Abby Sunderland's parents defend letting her sail solo; rescue could come Saturday
The parents of Abby Sunderland defended their decision to allow the Thousand Oaks teen to sail by herself around the world, saying their daughter was prepared.
Her parents, speaking on morning TV news programs, said that Abby's journey was no more dangerous than other activities that teenagers do and that she proved to them that she was up to the challenge.
"Let's face it, life is dangerous. How many teenagers die in car accident[s]?" Abby Sunderland's father, Laurence Sunderland, told "Good Morning America."
Laurence Sunderland said that critics have never met Abby and that if they did they would realize she was capable of sailing solo for this trip. He said it was a difficult decision to allow Abby to attempt to circumnavigate the globe but that he and his wife agreed to do it after much training."This wasn't an easy decision make. It was done very carefully," he said.
Sunderland lost communications with her family Thursday after her vessel was damaged by high seas. They reestablished contact late Thursday, and the family hopes she will be rescued in the next day or so.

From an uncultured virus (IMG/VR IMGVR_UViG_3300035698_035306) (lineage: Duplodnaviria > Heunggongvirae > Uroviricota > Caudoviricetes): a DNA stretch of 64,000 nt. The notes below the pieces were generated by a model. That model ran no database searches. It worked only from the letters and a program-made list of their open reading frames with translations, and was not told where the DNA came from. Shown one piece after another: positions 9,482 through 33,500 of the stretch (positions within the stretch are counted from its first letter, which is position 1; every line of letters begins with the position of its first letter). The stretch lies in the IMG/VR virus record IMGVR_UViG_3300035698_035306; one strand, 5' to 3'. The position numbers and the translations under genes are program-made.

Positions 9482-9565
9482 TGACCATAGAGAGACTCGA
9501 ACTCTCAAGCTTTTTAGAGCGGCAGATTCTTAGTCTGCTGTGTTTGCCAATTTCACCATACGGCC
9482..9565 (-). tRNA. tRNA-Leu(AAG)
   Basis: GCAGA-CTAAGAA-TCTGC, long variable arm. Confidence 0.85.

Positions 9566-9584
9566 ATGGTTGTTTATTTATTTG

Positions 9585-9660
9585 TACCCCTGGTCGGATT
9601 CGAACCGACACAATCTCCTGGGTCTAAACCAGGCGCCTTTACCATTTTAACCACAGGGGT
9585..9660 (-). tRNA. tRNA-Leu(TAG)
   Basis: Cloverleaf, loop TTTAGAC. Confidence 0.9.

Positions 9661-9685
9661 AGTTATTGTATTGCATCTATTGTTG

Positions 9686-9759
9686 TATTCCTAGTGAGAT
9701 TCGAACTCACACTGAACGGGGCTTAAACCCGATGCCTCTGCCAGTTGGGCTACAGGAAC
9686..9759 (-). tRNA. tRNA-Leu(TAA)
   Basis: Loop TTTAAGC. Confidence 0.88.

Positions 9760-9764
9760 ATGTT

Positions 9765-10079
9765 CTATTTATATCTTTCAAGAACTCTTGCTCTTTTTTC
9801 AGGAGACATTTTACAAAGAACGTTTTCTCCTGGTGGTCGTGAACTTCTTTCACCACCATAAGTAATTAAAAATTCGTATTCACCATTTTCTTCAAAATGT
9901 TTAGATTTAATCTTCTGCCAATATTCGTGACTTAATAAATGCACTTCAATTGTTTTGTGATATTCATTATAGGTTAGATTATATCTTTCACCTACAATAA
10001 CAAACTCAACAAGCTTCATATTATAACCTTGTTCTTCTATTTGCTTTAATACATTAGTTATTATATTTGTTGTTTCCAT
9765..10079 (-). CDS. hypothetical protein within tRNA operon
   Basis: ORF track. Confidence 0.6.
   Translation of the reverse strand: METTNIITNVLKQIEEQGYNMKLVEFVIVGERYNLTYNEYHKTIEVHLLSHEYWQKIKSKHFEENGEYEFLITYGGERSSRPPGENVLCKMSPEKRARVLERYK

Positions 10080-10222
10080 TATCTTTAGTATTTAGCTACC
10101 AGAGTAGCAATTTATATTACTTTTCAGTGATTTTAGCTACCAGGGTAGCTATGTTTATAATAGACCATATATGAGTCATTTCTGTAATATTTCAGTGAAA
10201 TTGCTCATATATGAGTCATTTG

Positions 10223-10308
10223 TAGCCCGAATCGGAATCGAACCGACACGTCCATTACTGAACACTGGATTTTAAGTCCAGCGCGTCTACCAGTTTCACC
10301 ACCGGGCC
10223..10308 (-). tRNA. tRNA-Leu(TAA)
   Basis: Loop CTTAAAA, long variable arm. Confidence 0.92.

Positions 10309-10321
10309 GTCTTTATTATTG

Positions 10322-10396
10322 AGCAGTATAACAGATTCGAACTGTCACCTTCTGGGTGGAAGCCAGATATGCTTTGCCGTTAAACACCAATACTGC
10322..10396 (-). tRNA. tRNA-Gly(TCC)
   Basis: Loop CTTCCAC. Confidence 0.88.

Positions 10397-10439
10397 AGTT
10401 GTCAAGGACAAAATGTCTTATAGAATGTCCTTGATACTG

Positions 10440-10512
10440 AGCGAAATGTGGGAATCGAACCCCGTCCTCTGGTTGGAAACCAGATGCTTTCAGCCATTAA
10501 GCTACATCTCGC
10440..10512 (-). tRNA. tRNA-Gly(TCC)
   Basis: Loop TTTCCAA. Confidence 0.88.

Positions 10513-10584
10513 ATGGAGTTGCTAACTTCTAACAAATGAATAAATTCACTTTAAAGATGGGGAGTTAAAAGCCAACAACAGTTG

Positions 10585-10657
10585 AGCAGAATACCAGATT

A spotter jet over the Indian Ocean late Thursday made contact with 16-year-old Sunderland, who was adrift in rough seas and heavy winds in her quest.
Jeff Casher, Sunderland’s sailing coach and technical advisor, said a fishing boat that is closest to Sunderland should get to her around 11 p.m. PDT. A French naval vessel from Reunion Island is expected to arrive about eight hours later, he said.
Also to be decided is whether her boat will be sunk at its position or towed to dry land, Casher said. The boat's carbon fiber mast was heavily damaged and will cost an estimated $90,000 to replace, he said.
Under maritime law, rescue boats have a right to recoup the cost of a rescue up to and including possession of the boat, he said.
"It will cost more than the boat is worth to tow it to Reunion Island," he said. "And I don't even know if they’d want a sailing boat."
Neil Stanbury, spokesman for the Western Australia Police, said in an e-mail that a fishing vessel is en route to Abby's boat.
"Our Water Police say another aircraft will return tomorrow afternoon to monitor the arrival of the fishing vessel steaming there now. A great outcome for us in Western Australia [is] that we've been able to assist in locating Abby and hope she has a safe night afloat," Stanbury said.
-- Catherine Saillant in Thousand Oaks and Jessica Garrison in Los Angeles
Photo: Abby Sunderland Website